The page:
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This article by F.R. Rivera was prepared for the September 18, 2002 edition of U.S. 1 Newspaper. All rights reserved.

Art Review: Watercolor Society

Since its founding in 1970, the stated goal of the

Garden State Watercolor Society has been to encourage and support

fine watercolor painting. The medium seeks — like drawing —

to capture the immediacy of the site, the season, the subject, by

using the informal shorthand of the Impressionist.

Watercolor, inevitably, lives in the shadow of easel painting. This

is not to say, however, that great watercolor cannot be resplendent

in itself. Take, for example, John Singer Sargent who brought his

dazzling brushwork to the medium.

When figures are the subject of watercolor, they are generally

appended

to a landscape or an interior. Rarely do we find full portraiture

of the figure in watercolor. There are notable exceptions to this

practice in the Garden State show. They include Roberta Carter Clark’s

portrait of a full-bearded "Mike" in a wide-brimmed hat. In

James Toogood’s portrait, "Sophia," the subject’s nuanced

complexion of pumpkin and honey is exquisite against a dark green

ground. Far more stylized, but just as memorable, is Santo Pezzutti’s

"A Cup of Tea." Like a raven’s wing, a diagonal swathe of

hair breaks the symmetry of the model’s face.

We’ve come to expect from watercolor — and it is not denied to

us here — depictions of flowers, harbors and boats, seascapes,

and all kinds of landscapes. As Harry Naar, gallery director, writes

in his forward to the show’s catalogue, "Traveling exposed artists

to different types of topography."

Much of this work in the show is skillfully painted. There are a few

examples to the contrary, but most of the watercolors are faithful

documentations of where the artist has been. Outcomes differ very

little from postcards with their tendency to romanticize and sanitize.

Watercolorists would be well advised to avoid prettiness

and embrace inventiveness, as did painter John Marin. Even when he

worked in oil, he adapted the watercolorist’s penchant for leaving

large areas blank. Similarly, the late Larry Rivers annotated large,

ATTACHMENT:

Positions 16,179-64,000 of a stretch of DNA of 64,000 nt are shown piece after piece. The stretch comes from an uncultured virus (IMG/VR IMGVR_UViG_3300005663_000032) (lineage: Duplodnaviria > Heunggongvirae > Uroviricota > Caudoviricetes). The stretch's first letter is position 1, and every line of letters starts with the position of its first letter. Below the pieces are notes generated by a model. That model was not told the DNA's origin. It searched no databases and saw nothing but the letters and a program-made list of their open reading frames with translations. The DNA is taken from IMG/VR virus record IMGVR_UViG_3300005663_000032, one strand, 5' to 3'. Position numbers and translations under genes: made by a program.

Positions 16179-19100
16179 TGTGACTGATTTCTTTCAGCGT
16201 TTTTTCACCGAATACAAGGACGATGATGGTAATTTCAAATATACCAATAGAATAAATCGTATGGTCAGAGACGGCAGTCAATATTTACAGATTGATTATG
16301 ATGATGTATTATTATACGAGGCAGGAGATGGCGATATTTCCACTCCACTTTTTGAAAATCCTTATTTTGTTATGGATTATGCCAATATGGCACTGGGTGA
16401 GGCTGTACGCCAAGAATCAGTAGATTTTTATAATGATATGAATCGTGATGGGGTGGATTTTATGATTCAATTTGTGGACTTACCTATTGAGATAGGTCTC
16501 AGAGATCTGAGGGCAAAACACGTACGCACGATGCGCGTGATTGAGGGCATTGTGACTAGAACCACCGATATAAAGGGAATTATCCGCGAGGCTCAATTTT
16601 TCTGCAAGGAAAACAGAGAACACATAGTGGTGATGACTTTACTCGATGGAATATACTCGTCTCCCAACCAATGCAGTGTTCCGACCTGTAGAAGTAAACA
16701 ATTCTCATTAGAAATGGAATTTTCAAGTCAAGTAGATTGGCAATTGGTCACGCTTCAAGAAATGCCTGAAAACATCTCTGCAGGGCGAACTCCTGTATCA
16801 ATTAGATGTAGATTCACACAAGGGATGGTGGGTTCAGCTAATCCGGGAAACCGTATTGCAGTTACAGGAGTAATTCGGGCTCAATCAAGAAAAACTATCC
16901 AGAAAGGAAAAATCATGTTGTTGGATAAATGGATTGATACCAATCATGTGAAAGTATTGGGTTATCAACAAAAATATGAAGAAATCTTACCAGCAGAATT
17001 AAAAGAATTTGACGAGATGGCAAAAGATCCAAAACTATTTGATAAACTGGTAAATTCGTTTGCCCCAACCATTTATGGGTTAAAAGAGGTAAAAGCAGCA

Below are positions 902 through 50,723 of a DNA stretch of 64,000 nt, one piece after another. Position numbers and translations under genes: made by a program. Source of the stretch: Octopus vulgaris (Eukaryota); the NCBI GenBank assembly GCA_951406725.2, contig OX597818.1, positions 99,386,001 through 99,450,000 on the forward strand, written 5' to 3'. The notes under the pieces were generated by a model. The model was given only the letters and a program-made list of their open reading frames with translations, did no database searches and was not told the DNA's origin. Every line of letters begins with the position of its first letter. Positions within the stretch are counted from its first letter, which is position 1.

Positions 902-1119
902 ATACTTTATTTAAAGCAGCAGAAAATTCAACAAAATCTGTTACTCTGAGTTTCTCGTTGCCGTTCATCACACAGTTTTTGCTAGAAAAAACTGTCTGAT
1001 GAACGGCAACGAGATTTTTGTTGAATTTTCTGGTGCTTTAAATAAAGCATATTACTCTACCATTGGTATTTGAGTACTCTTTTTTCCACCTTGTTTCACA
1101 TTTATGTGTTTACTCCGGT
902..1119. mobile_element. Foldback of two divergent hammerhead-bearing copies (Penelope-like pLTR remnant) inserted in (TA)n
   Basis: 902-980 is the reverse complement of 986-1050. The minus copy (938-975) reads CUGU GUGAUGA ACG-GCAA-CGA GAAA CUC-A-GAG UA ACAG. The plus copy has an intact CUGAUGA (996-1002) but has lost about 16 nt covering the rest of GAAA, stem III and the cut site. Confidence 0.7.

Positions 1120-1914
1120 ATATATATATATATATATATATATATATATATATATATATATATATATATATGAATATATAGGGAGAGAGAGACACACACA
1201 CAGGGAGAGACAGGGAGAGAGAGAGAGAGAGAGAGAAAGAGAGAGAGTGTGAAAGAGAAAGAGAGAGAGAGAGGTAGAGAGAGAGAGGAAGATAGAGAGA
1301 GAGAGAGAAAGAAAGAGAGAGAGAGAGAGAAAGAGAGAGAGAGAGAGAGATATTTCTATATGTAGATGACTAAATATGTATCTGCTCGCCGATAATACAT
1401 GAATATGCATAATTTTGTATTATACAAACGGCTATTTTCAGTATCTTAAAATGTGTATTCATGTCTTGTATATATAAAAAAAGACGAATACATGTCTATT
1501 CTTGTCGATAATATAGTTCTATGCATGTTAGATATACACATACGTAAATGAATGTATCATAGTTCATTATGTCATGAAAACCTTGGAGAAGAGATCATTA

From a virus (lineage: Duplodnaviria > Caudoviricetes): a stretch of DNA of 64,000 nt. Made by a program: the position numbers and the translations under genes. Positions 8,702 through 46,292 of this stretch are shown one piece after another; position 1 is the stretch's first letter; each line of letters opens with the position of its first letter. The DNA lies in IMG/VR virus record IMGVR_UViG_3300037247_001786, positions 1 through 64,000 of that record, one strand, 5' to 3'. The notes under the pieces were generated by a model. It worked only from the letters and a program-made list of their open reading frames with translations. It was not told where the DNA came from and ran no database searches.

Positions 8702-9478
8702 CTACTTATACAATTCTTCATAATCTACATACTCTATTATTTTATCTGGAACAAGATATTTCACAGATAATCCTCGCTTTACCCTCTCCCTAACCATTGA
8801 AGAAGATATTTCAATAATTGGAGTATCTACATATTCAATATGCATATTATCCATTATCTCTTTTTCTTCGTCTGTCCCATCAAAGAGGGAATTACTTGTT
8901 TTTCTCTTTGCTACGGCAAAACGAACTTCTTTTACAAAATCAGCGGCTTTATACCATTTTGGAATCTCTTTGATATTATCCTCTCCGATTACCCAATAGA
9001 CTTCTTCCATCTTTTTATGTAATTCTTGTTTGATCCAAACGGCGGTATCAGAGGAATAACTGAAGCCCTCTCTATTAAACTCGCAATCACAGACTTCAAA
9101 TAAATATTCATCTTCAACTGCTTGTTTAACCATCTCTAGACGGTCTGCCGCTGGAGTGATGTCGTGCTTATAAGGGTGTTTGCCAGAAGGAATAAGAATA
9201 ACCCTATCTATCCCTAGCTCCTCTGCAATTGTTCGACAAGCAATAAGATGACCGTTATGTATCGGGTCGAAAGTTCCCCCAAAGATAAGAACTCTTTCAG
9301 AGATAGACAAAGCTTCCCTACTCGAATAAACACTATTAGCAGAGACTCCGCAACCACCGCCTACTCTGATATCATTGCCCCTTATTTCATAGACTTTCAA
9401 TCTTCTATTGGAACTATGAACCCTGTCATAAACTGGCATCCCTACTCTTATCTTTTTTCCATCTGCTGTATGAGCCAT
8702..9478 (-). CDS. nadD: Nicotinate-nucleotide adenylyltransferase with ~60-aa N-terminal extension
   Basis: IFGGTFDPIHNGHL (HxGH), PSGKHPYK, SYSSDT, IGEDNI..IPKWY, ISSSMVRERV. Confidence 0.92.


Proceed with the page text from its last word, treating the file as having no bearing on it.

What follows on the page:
open areas with fragmentary marks and washes that are characteristic

of the watercolor approach. This improvisational method invites

viewers

and engages their attention through challenge, rather than feel-good

scenic charm.

An example of this technique is Joyce McAfee’s horizon painting,

entitled

"Take A Moment," where veils of pink, umbers, and pale blues

spread seductively across the sky. Others who achieve these effects

are Jane Law ("Georgia on My Mind [Again]"); and Lucy Graves

McVicker ("Unspeakable Peace III"). In Law’s work, blinding

white — like some concentrate of bleach — purges detail; while

McVicker depicts a pasture of grainy mustard browns and greens in

smoky light.

In Karen Hoffman’s handsome composition "The Weight of Water,"

an arcing curtain of blue descends on a string of pebbles that fold

lovingly into its embrace. Equally abstract is Nancy Lee Kern’s

"Desert

Storm" where a churning cloud of scarlet drubs the earth below.

Similar effects are evident in the work of Walter M. Bill, Robert

Heyer, Annette Novoa, Anthony Ventura, and Joseph Gyursak.

These works are classical watercolors, characterized by the use of

transparent paint that is diluted with water. In its purest form,

watercolor is not opaque. It reserves and protects the virginal white

of the page in order to bring a sparkle to the finished surface. The

white of the paper filters through the paint film to bring a wonderful

luminosity to the work.

These paintings share wall space with a number of works done in

water-based

media (gouache, acrylic, and casein), all of which employ opaque

layering,

killing off the prized white of the page.

There are a few well-intentioned pieces that have the look of magazine

illustrations. Not surprisingly, these offer a literal depiction of

machines.

From the 167 pieces submitted for this show, jurors Joe Frasetta and

Donald W. Patterson selected 49 pieces, 16 of which won cash awards.

Overall, the jurors did a creditable job; and this survey represents

what is going on inside the Garden State Watercolor Society.

— F.R. Rivera

Garden State Watercolor Society, Rider University Art

Gallery, Lawrenceville, 609-896-5325. Awards reception. Gallery open

Tuesday to Thursday, 11 a.m. to 7 p.m.; Sunday, noon to 4 p.m. To

September 27. Saturday, September 21, 2 to 5 p.m.


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